As promised, my column about “New Evangelicals” has been published. Here’s a snippet, and you can follow the link below to read the rest at Patheos.

Last weekend my wife and I attended a young adult Bible study at our new church. We recently moved back to Boston from New York City and, for the first time in all of our moves (and there have been plenty) we found a church on our first try. There was no church shopping or denomination hopping. We went straight for the nearest Episcopal church, St. James’ Church in Cambridge.

We had been flirting with the Episcopal Church for years. First, when we were newly married we joined many of our friends, fellow Gordon College graduates, at the local parish, Christ Church in South Hamilton. Upon moving to New York City, however, we had to start from scratch. Some close friends recommended Redeemer Presbyterian Church. We had never heard of NYC’s most popular church (at least in evangelical circles), and naively assumed that since our friends were close with the Kellers, it would be a small community that we’d easily engage. We were wrong. In the end, Redeemer was too big, too corporate, too Presbyterian.

We tried a few other places, a Redeemer plant in the Village, another church on the Upper West Side, until finally we found our church home right in our own neighborhood, Grace Van Vorst, an Episcopal church in downtown Jersey City. There, as at our new church home in Cambridge, we met plenty of young people that shared our story—tentative converts from evangelical churches, disillusioned by the way their religious identity had been hijacked by the political right.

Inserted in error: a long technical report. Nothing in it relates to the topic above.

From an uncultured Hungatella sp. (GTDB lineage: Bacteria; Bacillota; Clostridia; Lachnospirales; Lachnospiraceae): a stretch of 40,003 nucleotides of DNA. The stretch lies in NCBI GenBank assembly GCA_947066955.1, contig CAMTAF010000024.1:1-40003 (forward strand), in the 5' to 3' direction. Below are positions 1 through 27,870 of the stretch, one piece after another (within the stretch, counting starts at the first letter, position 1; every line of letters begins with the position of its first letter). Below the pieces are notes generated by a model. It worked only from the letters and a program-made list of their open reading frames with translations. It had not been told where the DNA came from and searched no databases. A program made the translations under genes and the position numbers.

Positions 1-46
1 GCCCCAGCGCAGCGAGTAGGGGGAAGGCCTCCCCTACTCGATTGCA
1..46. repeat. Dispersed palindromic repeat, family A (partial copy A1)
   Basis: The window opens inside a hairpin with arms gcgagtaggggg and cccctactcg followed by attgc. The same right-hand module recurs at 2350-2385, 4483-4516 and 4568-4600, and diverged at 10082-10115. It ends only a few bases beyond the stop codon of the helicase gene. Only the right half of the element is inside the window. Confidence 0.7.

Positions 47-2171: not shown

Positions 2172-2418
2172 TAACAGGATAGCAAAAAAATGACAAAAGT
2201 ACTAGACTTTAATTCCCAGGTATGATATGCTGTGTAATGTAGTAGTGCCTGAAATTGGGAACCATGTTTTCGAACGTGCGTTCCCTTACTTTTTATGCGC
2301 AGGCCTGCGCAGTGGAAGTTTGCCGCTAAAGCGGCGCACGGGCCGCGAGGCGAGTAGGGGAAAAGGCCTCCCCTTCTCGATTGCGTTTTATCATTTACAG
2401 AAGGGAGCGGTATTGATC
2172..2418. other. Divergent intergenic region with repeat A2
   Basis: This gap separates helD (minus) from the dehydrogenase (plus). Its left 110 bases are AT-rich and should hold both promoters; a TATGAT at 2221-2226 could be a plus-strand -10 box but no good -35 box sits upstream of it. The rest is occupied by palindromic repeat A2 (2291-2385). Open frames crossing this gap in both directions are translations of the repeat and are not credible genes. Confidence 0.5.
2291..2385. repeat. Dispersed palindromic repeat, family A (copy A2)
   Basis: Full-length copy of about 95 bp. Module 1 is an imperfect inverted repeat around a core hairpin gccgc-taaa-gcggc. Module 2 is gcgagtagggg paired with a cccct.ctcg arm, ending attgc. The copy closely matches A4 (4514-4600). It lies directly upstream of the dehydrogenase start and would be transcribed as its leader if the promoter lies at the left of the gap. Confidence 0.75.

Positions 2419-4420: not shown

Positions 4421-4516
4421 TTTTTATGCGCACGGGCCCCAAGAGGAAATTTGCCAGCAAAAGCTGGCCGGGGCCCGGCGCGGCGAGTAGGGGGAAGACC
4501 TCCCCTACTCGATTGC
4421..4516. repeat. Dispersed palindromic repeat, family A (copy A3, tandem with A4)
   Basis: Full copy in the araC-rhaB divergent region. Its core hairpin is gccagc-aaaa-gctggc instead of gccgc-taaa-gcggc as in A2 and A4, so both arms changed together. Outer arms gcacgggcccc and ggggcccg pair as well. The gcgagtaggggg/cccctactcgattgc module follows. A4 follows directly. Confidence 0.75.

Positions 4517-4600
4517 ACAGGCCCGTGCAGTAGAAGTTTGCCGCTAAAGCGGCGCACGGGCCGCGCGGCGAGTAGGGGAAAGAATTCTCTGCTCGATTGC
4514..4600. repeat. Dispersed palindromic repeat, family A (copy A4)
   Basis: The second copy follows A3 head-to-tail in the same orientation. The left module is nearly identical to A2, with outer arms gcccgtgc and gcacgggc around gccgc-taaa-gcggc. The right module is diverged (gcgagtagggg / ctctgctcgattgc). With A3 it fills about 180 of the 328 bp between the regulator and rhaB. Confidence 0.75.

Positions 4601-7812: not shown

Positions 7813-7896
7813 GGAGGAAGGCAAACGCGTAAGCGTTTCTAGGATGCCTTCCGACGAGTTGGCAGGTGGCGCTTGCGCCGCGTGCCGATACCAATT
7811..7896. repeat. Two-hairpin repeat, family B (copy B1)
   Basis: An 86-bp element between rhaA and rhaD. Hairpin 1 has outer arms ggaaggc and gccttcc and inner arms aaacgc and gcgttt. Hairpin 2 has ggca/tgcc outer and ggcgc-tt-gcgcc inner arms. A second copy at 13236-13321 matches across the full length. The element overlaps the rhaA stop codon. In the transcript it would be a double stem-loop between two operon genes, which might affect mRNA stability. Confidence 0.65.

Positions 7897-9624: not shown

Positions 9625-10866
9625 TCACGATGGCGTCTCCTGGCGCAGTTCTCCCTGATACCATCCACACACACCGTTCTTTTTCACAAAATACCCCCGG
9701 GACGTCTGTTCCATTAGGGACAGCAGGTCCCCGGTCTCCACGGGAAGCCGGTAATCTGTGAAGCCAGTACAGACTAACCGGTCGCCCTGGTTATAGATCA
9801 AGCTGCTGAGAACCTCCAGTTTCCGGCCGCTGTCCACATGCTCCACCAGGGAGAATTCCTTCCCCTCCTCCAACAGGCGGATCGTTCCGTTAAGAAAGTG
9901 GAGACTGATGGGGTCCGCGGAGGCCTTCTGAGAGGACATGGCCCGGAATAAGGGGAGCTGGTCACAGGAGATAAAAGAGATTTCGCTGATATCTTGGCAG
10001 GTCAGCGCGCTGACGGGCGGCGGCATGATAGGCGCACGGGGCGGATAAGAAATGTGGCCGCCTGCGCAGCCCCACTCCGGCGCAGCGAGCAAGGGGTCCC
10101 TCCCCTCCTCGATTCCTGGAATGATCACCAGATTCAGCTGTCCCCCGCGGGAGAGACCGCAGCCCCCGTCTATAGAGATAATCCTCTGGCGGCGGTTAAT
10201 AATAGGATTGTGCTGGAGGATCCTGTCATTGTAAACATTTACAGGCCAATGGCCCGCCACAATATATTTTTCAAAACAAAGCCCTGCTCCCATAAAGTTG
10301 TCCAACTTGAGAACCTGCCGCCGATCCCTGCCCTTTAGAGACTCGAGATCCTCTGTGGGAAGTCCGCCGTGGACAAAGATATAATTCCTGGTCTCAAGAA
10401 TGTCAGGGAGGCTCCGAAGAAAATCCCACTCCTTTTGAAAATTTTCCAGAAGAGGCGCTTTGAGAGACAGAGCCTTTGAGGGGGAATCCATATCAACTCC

This is a familiar narrative that doesn’t bear retelling here. What is significant, however, is the way it seems to be happening again. That is, those of us who left evangelicalism—and, according to recent Pew surveys there are plenty of us—find ourselves the objects of a process to be reabsorbed into evangelicalism. It’s been happening since at least 2007, in the run-up to the presidential election in 2008. Faced with the apparent splintering of young people from the evangelicalism of our parents’ generations, attempts were made to reassign us as members of a “new evangelicalism.” The problem was, we didn’t call ourselves evangelicals…

Read the rest at Patheos.

 
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Jonathan D. Fitzgerald

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